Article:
there is nothing special about it. Ubuntu One is still at beta mode and 
there are plenty of things that are not on par with other online storage 
solution such as Dropbox. However, with the vision of Ubuntu One and as 
Ubuntu become more and more popular, he won’t be surprised to see Ubuntu 
One becoming a major force in the file and data management arena in the 
near future. 

== In The Blogosphere ==

=== Move Over, Netbooks: Ubuntu On Smartbooks? ===

Joe Panettieri, of Works With U, introduces this blending of Smartphones 
and Netbooks.  Qualcomm has been pushing Original Equipment 
Manufacturers (OEMs) to build these bridging devices that have a larger 
screen and full keyboard and are always on and run on the 3G wireless 
networking. According to a Works With U poll, one third of it's readers 
would like to have an Ubuntu based Mobile Internet Device (MID) like 
Qualcomm is suggesting, and Qualcomm appears to be hiring Ubuntu talent 
to help develope them.  Read more at: 

=== Ubuntu to make Linux application installation idiot proof ===

Steven J. Vaughan-Nichols, the Cyber Cynic, posting on the ComputerWorld 
blogs, discusses Ubuntu's interest in starting up an application center. 
  He quotes the Ubuntu site, "There will be a single graphical interface 
for package management in Ubuntu, currently codenamed AppCenter. . . . 
This will combine the human-readable approach of Add/Remove 
Applications, the power of Synaptic, and the ease of use of Update 
Manager."  According to him, this AppCenter will show up in October of 
2009, in the next release of Ubuntu.  You can find his article at: 

=== One Hundred Paper Cuts Round 2 Progress Report ===

David Siegel reports on the One Hundred Papercuts Project.  Four were 
fixed in this round:

  * Scrolling over your desktop no longer causes seasickness
  * Warn users who attempt to run updates on battery power
  * Don’t show esoteric “Sign” and “Encrypt” entries in file context menus
  * Remove “Open with” and quotation marks from entries in “Open with” 
  * Show application icons in the “Open with” sub-menu

with others in varying degrees of "need to be fixed".  His report can be 
found at:  http://davidsiegel.org/100papercuts-round-2/

=== Review: The Official Ubuntu Book, 4th Edition ===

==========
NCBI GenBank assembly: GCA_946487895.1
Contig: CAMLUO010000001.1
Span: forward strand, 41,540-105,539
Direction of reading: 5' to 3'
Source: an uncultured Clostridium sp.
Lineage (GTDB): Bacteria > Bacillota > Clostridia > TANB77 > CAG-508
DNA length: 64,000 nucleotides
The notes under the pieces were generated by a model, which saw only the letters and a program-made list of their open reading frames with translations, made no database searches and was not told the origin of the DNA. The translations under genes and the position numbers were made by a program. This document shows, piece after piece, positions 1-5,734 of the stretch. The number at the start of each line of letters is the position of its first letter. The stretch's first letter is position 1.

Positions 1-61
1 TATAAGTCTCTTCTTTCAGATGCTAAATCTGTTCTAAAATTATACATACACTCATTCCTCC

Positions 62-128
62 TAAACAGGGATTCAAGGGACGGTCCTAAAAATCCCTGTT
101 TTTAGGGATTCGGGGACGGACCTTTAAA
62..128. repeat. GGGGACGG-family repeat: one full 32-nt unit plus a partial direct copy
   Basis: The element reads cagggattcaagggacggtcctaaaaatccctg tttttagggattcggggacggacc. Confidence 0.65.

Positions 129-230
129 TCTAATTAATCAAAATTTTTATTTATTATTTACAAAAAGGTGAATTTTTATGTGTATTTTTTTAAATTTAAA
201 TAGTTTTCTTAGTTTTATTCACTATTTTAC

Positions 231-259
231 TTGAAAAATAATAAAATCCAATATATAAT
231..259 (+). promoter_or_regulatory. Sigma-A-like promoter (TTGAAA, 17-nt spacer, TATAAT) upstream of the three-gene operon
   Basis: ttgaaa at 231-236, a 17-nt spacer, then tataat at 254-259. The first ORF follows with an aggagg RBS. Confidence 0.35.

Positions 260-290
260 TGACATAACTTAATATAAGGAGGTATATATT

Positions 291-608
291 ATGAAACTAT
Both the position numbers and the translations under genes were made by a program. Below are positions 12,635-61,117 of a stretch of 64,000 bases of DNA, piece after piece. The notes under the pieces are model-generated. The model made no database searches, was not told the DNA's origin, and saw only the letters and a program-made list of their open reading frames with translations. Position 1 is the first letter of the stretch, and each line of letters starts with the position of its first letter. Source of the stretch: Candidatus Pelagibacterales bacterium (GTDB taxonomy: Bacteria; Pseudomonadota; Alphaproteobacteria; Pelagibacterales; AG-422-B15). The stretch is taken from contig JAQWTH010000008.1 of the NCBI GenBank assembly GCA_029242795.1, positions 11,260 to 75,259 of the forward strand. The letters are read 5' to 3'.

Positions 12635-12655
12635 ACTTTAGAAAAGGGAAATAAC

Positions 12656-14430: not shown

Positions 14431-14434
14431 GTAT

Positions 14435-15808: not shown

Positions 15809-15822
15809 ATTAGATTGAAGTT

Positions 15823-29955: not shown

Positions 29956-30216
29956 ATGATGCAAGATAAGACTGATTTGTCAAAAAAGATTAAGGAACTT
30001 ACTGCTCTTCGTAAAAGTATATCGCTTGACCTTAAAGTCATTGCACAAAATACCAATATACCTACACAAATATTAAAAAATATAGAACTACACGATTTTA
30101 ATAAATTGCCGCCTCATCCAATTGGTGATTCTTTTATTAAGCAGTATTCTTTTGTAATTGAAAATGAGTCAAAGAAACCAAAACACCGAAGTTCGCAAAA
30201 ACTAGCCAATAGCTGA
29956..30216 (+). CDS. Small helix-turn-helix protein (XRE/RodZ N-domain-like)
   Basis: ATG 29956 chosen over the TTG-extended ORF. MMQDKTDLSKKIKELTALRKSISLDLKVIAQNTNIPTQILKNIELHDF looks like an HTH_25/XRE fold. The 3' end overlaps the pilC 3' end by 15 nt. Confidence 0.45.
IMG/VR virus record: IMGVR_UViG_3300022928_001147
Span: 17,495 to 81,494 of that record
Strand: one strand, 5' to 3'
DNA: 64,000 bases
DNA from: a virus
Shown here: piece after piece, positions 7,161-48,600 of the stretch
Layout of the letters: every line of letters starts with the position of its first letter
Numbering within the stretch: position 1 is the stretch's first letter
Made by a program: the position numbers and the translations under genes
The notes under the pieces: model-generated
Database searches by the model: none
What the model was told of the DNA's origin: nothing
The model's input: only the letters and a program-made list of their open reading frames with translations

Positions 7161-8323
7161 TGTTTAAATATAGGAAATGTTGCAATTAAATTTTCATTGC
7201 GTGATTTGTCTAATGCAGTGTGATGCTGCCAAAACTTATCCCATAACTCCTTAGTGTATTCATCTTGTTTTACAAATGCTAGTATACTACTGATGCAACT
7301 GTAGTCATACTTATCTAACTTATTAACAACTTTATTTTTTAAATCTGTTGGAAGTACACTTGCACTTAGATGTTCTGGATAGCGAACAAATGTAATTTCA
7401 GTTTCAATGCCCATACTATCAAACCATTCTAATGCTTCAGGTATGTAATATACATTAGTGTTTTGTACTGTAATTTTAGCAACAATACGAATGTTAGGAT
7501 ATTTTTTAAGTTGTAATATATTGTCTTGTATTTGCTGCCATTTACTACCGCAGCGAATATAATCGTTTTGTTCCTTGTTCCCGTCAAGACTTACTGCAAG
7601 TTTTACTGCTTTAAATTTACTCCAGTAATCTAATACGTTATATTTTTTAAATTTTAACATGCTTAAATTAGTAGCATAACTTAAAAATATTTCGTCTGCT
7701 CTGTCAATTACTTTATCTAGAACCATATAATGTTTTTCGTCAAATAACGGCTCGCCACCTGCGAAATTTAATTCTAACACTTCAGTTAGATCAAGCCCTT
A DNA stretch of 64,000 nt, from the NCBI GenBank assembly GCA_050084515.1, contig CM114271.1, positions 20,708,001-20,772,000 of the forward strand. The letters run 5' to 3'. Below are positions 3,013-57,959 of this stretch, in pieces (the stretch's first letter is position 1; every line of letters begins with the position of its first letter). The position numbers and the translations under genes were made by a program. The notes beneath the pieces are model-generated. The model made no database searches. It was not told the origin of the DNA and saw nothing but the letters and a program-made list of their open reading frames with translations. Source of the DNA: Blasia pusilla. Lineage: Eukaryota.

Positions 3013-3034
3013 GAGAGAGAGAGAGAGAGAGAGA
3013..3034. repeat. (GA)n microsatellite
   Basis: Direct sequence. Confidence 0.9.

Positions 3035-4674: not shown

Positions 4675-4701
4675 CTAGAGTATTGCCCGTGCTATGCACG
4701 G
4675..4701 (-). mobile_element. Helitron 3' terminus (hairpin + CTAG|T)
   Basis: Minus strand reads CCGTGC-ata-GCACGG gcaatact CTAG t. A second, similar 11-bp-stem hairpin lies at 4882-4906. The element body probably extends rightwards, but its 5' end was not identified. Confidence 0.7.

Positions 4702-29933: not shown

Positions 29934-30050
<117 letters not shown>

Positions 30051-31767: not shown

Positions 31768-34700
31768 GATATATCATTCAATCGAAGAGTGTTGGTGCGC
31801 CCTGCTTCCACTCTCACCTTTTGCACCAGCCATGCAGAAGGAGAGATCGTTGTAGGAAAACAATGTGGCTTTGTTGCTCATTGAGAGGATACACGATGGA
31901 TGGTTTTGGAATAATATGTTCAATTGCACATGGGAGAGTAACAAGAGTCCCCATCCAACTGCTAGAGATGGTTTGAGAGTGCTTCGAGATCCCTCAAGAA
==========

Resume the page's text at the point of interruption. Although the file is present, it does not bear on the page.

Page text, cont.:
James Pyles reviews the latest edition of the Official Ubuntu Book. 
Starting right from the Forward and Preface and ending with the 
Appendices, he outlines what each chapter is about, including some of 
the changes that have come about by the maturing of Ubuntu.  He also 
makes some suggestions as to which chapters are for beginners, as well 
as what would benefit those who wish to move beyond that point, and 
which are for more advanced users.  His whole review can be seen at: 

=== Ubuntu App Store: Open for Business? ===

Writing for Works With U, the VAR guy takes a look at Ubuntu's new app 
store that is still in Beta.  One of the first things he notes is that 
this new app store, Apperi, is not built by Canonical.  Also, he notes 
that it's built on an advertising model.  However, it's his opinion that 
it is still too early to tell if Apperi will be a success even though he 
feels that users and partners want and need a centralized, 
commercialized location for downloading and installing new applications. 
  His report can be seen at: 

=== Kubuntu Jaunty: Just ‘cos I use it don’t mean it’s good ===

feicipet, writing for the Educated New Village Boy, examines the Kubuntu 
version of Jaunty Jackalope.  His conclusions are that it seems to miss 
it's mark as a "just works" release.  His opinion comes about by the 
significant amount of tweaking and fine-tuning to get it to a reasonably 
acceptable level of performance, including installing a different kernel 
and upgrading to KDE 4.3.  It's for these and other reasons that he 
doesn't feel that Jaunty was a particularly successful release.  Read 
more at: 

=== Measuring Ubuntu’s Market Share ===

Blogger Christopher Tozzi from Works With U gives us a breakdown on the 
difficulty inherent in putting a hard number on Ubuntu's marketshare. He 
covers some of the difficulties in defining "market share", like if you 
are dual booting, or if it's installed on an old computer that you use 
every once in a while. We are also introduced to Canonical's claims of a 
userbase of 8 million, without any qualifications for that figure. 
Another way that he tries to come up with a number is through 
DistroWatch. This says that Ubuntu is about 1.5 times as popular as 
Fedora, which offers some published statistics. The sale of Dell 
Netbooks is another way that can be used to figure out Ubuntu's market 
share. This is made difficult due to Dell not releasing their sales 
figures for their Netbooks. Christopher Tozzi comes to the conclusion 
that it doesn't really matter how many people use Ubuntu as long as they 
like it. 

=== Ubuntu Server Edition: Where’s the Official Support? ===

Christopher Tozzi, writing for Works For U, tackles subject matter that 
may initially confuse people based on its title.  Here, he's not talking 
about the commercial support offered by Canonical, but rather the amount 
of support of developers for porting and packaging applications for 
Ubuntu.  He notes three in his article that he's come across that are 
only supported for RPM distribution, and feels that Canonical needs to 
work harder to get developers to package server applications for Ubuntu 
Server Edition.  His report is at: 

=== Welcome to McBuntu's, would you like fries with that? ===